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Will’s Core Canon: How the Pulp Imagery of ‘RoboCop’ Defined the 80s and Influenced the Future

Welcome to Will’s Core Canon, a new series covering some of my all-time favorite movies and why they work. This series seeks to go beyond surface-level analysis to strike at the core of why these films resonated the way they did.

When director Paul Verhoeven was first offered the chance to direct a science fiction project based around a spec script called RoboCop, he immediately dismissed the opportunity. He had never really liked sci-fi as a genre, and had already made successful movies in his native Netherlands, and was looking for what would be his first Hollywood production.

The story goes that he read the first page and threw the script away. “I thought it was extremely silly and stupid,” he recounted years later in a wonderful making-of documentary called Flesh and Steel: The Making of Robocop. “I threw it on the floor, and said ‘I’m not going to shoot this kind of rubbish.’” It was only after his wife pleaded with him to give the story a chance after she had read it herself, telling him that at its core, the movie is about someone losing their identity. It is, and so much more.

Verhoeven claims there were two classic sci-fi movies that most informed his 1987 blockbuster. One was the 1927 German film Metropolis, directed by Fritz Lang. Lang’s vision is an unnerving but compelling one, a dystopia where class differences can’t be ignored, where a robot woman is made to emulate her real human counterpart to keep the oppressed masses complicit until she decides to bring chaos instead. Even now, almost a century after its debut, Metropolis resonates, and its imagery has impacted almost every conceivable part of popular culture.

A scene from ‘Metropolis’. (Paramount Pictures)

The other influence was The Day the Earth Stood Still, directed by Robert Wise. A cautionary tale, The Day the Earth Stood Still is about Klaatu (Michael Rennie), an extraterrestrial who brings a message to the people of Earth advocating for peace rather than suffer nuclear annihilation. One can certainly see aesthetic influences, particularly of Gort, Klaatu’s iconic robot, on the design of RoboCop. But when I think of the imagery of The Day the Earth Stood Still, I think of awe and reverence. Certainly, what became some of the iconic hero shots in RoboCop owe a great debt to how Gort was depicted in that film.

Metropolis depicts a world on the edge, and there’s a constant feeling like some sort of cataclysm is imminent, how appropriate for a film from Germany in the 1920s. Released in 1951, The Day the Earth Stood Still is about an anxious world seeking a sign from above, how appropriate for a film from the 1950s dealing with the post-WWII, now-nuclear Cold War reality. Both of these classic science fiction films encapsulate the times they were made in, and address concerns about the present and the uncertainty of the future. In this way, they are both also like RoboCop.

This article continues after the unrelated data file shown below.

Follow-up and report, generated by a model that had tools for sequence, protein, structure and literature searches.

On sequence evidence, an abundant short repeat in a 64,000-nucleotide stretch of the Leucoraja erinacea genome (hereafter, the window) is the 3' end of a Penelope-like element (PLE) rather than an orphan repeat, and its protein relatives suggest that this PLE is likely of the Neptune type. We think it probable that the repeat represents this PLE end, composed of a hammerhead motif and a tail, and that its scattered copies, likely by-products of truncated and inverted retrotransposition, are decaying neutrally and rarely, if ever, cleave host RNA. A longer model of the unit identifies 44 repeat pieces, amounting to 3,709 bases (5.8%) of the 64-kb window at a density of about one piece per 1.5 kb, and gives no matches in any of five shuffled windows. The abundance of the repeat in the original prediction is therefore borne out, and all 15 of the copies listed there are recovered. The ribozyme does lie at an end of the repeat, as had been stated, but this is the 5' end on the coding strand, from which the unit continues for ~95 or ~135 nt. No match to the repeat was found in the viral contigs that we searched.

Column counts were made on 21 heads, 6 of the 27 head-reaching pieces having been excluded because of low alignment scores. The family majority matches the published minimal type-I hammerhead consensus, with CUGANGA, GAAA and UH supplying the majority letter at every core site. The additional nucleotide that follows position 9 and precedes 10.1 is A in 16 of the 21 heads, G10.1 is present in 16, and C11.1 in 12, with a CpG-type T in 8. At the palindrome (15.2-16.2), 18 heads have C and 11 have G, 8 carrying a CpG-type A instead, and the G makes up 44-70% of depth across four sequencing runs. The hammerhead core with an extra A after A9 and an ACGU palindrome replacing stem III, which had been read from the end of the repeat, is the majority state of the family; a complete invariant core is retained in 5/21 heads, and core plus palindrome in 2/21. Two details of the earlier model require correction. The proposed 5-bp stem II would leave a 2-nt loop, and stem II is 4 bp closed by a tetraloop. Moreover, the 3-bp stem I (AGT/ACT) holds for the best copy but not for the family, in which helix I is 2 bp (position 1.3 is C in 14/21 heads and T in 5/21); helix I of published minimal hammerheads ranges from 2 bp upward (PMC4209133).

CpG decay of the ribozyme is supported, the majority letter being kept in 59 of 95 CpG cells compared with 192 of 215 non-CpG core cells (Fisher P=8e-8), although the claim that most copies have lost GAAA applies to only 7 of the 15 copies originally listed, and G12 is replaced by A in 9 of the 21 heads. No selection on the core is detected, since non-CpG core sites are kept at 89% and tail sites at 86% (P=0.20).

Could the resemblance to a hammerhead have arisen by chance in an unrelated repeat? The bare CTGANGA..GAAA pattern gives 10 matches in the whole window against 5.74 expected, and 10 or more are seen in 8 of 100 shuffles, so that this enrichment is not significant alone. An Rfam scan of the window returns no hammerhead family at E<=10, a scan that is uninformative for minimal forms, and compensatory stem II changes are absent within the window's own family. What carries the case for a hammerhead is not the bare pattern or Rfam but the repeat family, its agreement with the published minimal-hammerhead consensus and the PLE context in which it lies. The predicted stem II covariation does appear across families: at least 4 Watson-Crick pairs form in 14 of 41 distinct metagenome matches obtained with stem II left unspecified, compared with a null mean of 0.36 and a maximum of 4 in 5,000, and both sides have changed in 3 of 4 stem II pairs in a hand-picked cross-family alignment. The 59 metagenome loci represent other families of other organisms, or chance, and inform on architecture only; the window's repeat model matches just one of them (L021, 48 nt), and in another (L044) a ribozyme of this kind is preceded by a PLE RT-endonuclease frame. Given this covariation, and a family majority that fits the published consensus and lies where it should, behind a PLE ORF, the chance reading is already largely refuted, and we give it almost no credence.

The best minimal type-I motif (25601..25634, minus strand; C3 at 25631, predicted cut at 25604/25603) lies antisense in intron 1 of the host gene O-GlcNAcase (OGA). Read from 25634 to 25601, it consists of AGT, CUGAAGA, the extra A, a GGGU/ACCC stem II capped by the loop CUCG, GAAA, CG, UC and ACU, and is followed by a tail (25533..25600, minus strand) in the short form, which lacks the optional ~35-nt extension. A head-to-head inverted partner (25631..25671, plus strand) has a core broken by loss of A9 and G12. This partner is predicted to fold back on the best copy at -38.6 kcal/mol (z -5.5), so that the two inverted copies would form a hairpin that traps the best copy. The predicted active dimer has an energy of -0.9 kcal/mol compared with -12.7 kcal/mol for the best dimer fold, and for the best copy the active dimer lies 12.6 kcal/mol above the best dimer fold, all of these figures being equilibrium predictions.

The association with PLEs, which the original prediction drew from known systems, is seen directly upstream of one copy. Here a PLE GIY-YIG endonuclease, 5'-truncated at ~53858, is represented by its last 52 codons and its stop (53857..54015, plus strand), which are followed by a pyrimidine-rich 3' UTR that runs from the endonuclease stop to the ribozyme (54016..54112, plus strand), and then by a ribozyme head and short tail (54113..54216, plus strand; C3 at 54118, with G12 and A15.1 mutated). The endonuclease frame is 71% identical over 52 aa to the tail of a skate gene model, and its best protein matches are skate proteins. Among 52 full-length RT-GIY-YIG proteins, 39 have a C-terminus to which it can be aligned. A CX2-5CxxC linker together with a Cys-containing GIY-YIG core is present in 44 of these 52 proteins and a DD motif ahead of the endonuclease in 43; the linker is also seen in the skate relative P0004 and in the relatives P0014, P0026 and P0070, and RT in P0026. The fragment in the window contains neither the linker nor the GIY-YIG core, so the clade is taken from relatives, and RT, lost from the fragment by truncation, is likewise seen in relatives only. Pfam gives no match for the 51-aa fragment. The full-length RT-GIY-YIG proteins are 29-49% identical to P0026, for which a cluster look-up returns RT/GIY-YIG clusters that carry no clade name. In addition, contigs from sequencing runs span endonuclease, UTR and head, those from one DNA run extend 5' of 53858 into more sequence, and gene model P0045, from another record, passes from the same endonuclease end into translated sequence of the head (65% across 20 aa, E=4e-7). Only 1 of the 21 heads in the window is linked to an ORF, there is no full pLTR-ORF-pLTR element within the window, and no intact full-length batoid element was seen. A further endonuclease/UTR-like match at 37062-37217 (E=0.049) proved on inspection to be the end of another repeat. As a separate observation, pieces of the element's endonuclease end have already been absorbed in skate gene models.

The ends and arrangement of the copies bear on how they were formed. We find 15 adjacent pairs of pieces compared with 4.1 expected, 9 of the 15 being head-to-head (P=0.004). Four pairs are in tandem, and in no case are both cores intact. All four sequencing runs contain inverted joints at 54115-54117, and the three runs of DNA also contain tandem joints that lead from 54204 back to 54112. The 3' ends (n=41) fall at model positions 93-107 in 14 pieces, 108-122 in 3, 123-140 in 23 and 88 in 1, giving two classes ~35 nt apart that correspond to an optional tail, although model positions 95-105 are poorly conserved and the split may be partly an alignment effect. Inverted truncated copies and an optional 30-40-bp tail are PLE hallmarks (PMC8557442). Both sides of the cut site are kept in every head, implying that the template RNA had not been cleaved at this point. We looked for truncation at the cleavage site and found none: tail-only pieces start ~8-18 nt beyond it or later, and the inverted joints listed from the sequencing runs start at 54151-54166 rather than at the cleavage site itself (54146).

RoboCop is a movie about excess, the need for everything to be big, to be loud, to make a scene. It rings of 1980s America, summarizing everything good and bad about the Reagan-dominated decade. The bad guys’ weapons explode bigger than anyone else’s. Even one of the movie’s more likable characters does enough cocaine to make Tony Montana blush. The film’s score by Basil Poledouris is boisterous and victorious. But the film also addresses a certain anxiety, an uncertainty about the future: “Is this where we’re headed?” It features in-film media breaks featuring talking heads babbling about news headlines and advertising big cars and violent family games in a way that not only feels prescient, but unnerving.

Robots were familiar territory in the 1980s. After all, by the time RoboCop premiered, Blade Runner (1982) and The Terminator (1984) had already been released and made waves. Even the adorable robot Johnny 5 from Short Circuit (1986) had endeared himself to the public by then. But RoboCop was different. It combined Blade Runner’s heady philosophical themes with the otherworldly aesthetic of the titular Terminator. It didn’t mind being self-indulgent fun, as demonstrated by the movie’s infamous violence and graphic gore. But after I experienced RoboCop stunningly restored on the big screen for the first time at a nearby Alamo Drafthouse, I realized that the movie is more than the sum of its parts. However, each of its parts works perfectly in conjunction to create one of the best and most memorable American science fiction movies ever made.

RoboCop tells the story of Alex Murphy (Peter Weller), a police officer in a futuristic Detroit who gets gunned down by a gang run by the evil Clarence Boddicker (Kurtwood Smith, best known today as Red Forman on That ‘70s Show). What’s left of Murphy is used to build the cybernetic RoboCop, who serves the public trust, protects the innocent, and upholds the law. RoboCop was the brainchild of Bob Morton (the late Miguel Ferrer), an ambitious junior executive at Omni Consumer Products, or OCP. This causes him to come up against Dick Jones (Ronny Cox), the company’s senior president whose first name is very fitting as he is competing with Morton for the attention of the company’s CEO (the late Dan O’Herlihy). But Murphy’s former police partner, Officer Anne Lewis (Nancy Allen), confronts RoboCop and reminds him of his previous life, which leads to the cyborg himself questioning what exactly happened to him. As Jones and Boddicker scheme to finish off RoboCop once and for all, he and Lewis regroup for a climactic confrontation at the gang’s old hideout where Murphy was originally shot.